Managing the Mass of CloudsBy Lawrence Walsh | Posted 2009-06-19 Email Print
Solution providers are getting nervous about their future in a world dominated by cloud computing services that, in many cases, won’t need a middleman. Perhaps the opportunity for solution providers isn’t in selling the cloud, but rather managing the mass of clouds on clients’ behalf.
You can’t open a browser without hitting some report on cloud computing. Every vendor—IBM, Microsoft, Google, HP, Cisco, Dell—either has or is launching a cloud computing initiative, which promises to deliver applications directly to users via the Internet. And that, frankly, has many solution providers nervous.
Cloud computing has the potential for revolutionizing the way we deliver and consume technology. It’s equally disruptive to the current model of selling, delivering and supporting IT hardware and software. If a vendor, such as Microsoft or Google, can automate the delivery of e-mail and basically configure a deployment with little human interaction, what need is there for a VAR in the middle?
To listen to all the chatter about cloud computing would have you believe that there will be one monolithic cloud through which all services are rendered. Nothing could be further from the truth. The future of cloud computing will actually look like a storm front with multiple clouds. In fact, the opportunity for solution providers may come in the form of understanding and being able to manage that storm front on behalf of clients. Here’s why.
Solution providers learned a painful lesson over the last decade in the development of managed services. Many solution-providers-turned-MSPs invested heavily in building expensive network operations centers that resembled the bridge of the Starship Enterprise and data centers that had non-revenue-producing capacity. While the business model promised high profits and recurring revenue streams, the reality is managed services take time to develop. That required MSPs to absorb large costs while building up a revenue stream that supports operations.
Cloud computing comes with a similar problem. Those looking to deliver cloud services must be able to deliver applications with a high degree of accessibility and reliability to meet current and future user needs. That’s hugely expensive. Microsoft recently signed a partnership with Hewlett-Packard’s EDS services division to host its cloud-based applications in its data centers around the world, making up for capacity Microsoft lacks in some geographies. If building a managed services practice seemed expensive, entering the cloud computing is like a moon shot.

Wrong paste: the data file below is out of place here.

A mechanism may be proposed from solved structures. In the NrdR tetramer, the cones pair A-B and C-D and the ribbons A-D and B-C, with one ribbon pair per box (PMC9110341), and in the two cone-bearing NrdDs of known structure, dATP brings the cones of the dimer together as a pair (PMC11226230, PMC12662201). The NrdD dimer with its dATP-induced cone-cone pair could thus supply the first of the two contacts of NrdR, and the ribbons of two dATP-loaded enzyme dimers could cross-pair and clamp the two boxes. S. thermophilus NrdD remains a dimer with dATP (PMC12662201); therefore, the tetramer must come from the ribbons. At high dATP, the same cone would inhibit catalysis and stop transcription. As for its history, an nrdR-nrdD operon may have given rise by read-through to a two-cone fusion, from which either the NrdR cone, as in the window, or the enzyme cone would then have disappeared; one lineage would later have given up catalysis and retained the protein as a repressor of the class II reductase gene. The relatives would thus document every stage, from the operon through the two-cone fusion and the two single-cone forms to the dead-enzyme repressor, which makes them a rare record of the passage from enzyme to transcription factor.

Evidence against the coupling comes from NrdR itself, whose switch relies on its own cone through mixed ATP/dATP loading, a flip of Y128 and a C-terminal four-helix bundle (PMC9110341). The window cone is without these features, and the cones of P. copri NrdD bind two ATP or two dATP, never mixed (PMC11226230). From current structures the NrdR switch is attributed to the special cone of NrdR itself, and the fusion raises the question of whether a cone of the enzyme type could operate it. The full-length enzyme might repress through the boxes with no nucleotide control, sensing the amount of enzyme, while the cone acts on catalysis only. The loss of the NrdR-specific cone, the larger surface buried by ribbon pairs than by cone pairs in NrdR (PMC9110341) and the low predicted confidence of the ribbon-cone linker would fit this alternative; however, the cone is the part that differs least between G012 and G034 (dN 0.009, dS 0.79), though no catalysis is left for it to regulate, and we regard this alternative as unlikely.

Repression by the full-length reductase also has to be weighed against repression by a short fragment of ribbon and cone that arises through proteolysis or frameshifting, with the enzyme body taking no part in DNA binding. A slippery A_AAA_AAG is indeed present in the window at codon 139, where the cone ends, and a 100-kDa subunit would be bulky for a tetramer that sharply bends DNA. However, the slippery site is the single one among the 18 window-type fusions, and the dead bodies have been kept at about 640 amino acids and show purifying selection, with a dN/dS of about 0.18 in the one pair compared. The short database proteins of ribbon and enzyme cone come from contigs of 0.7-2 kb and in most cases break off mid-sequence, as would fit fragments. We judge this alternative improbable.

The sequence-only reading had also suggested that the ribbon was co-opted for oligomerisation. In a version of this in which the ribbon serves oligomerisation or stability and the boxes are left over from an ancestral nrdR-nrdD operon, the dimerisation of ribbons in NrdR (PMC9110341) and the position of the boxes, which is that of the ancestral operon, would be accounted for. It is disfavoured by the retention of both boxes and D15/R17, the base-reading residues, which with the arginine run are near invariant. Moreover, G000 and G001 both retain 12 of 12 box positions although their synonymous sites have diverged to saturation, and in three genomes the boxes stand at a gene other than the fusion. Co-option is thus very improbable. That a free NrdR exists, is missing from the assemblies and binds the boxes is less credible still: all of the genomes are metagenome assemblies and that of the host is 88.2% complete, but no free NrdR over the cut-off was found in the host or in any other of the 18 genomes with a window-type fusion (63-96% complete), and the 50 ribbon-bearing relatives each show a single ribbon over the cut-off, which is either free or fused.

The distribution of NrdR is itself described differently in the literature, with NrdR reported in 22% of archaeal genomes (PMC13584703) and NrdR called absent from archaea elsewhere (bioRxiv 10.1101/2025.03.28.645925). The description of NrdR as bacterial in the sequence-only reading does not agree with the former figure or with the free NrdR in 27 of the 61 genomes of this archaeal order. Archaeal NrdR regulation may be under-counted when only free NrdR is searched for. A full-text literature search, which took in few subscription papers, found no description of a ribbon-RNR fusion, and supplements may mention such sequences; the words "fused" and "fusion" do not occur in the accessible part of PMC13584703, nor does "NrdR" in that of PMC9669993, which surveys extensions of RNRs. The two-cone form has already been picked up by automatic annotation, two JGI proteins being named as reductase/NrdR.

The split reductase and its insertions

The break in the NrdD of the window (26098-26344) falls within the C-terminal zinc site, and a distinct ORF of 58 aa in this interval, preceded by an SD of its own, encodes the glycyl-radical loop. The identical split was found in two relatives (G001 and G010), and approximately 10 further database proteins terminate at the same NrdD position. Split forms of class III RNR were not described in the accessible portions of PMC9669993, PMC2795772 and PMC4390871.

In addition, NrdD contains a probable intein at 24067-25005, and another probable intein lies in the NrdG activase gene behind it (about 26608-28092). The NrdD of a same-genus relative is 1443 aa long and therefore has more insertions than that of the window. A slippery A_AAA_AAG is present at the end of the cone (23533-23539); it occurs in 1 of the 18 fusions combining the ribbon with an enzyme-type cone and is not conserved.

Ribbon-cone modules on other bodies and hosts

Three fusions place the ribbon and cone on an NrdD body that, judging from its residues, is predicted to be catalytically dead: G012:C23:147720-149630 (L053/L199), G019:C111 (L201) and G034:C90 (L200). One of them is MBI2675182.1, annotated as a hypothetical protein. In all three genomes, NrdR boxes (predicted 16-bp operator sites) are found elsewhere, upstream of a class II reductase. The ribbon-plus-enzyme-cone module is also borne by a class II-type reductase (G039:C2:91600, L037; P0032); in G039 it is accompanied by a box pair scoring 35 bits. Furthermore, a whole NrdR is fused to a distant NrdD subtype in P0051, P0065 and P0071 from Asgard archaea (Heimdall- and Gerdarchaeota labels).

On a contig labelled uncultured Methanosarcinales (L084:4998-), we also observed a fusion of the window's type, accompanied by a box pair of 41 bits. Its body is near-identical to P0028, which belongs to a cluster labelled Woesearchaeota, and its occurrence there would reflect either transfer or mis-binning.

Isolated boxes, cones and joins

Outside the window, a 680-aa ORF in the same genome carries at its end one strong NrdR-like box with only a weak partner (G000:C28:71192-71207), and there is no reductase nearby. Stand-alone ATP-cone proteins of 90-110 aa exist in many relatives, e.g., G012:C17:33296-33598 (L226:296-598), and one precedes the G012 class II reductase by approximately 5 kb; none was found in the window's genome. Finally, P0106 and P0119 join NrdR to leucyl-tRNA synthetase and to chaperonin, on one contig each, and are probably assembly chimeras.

Because the cost of cloud computing is prohibitive for most solution providers, many vendors are developing agent-based channel programs in which the partner gets a commission for selling the service or allowing resellers to private label services. It’s a similar model to master managed service providers, such as Heartland Technology Group, Zenith InfoTech and Ingram Micro’s Seismic. Vendors such as Microsoft are offering partners relatively low margins for agent sales, claiming that solution providers will be able to make money on traditional value-add sales and services. The truth is the after-market opportunities on cloud computing sales is relatively low. Worse, in many vendor cloud programs, they ultimately own the customer relationship.
But is there another, more lucrative role for solution providers to play in the cloud equation? Most definitely, as an agent for the consumer of cloud services.
Again, there’s no such thing as "The Cloud." In fact, the future of computing will be many public and private clouds that deliver a vast array of applications and services. We’re already beginning to see "cloud sprawl," in which individuals and organizations are subscribing to multiple cloud services for everything from simple office productivity apps to CRM to rational databases. To the user, this means having multiple browser sessions and maintaining a list of sites and credentials for the different services. For an organization, cloud sprawl will mean having to manage a number of different service contracts with varying service-level agreements and performance metrics.
Understanding those agreements and then measuring the performance level of service engagements will be a logistical and managerial nightmare for businesses. And that’s where solution providers could play a significant, valuable role. Because solution providers have the expertise and technical know-how of delivering and servicing applications, they are in a perfect position to act as a virtual manager of cloud services on behalf of the end user. They can monitor utilization, SLA activity and billing to ensure the customer is getting what they pay for out of a service.
The logic is simple. Businesses have adopted Saleforce.com to replace their heavy, expensive on-premise CRM apps. But what a salesforce implementation requires is a saleforce guru on staff to manage the service and relationship with the provider. How much does that one person cost for that one service? Now multiple that across a dizzying array of cloud services that businesses will consume. The cost quickly mounts.
Businesses hate spending money on things they don’t understand because it’s typically expensive. Solution providers could ease the pain of this mystery and scale cloud management services across multiple clients, ensuring a lower cost to the customer while producing a tidy profit for themselves. The magic of cloud computing is that it will remove much of the mystery (and pain) associated with technology implementations and, consequently, drive down costs. Solution providers may find themselves a niche in providing the management layer of cloud services, where there will still be plenty of mystery among the consumers.
Lawrence M. Walsh is vice president and group publisher of Channel Insider. Read his research reports at [CI] Perspectives.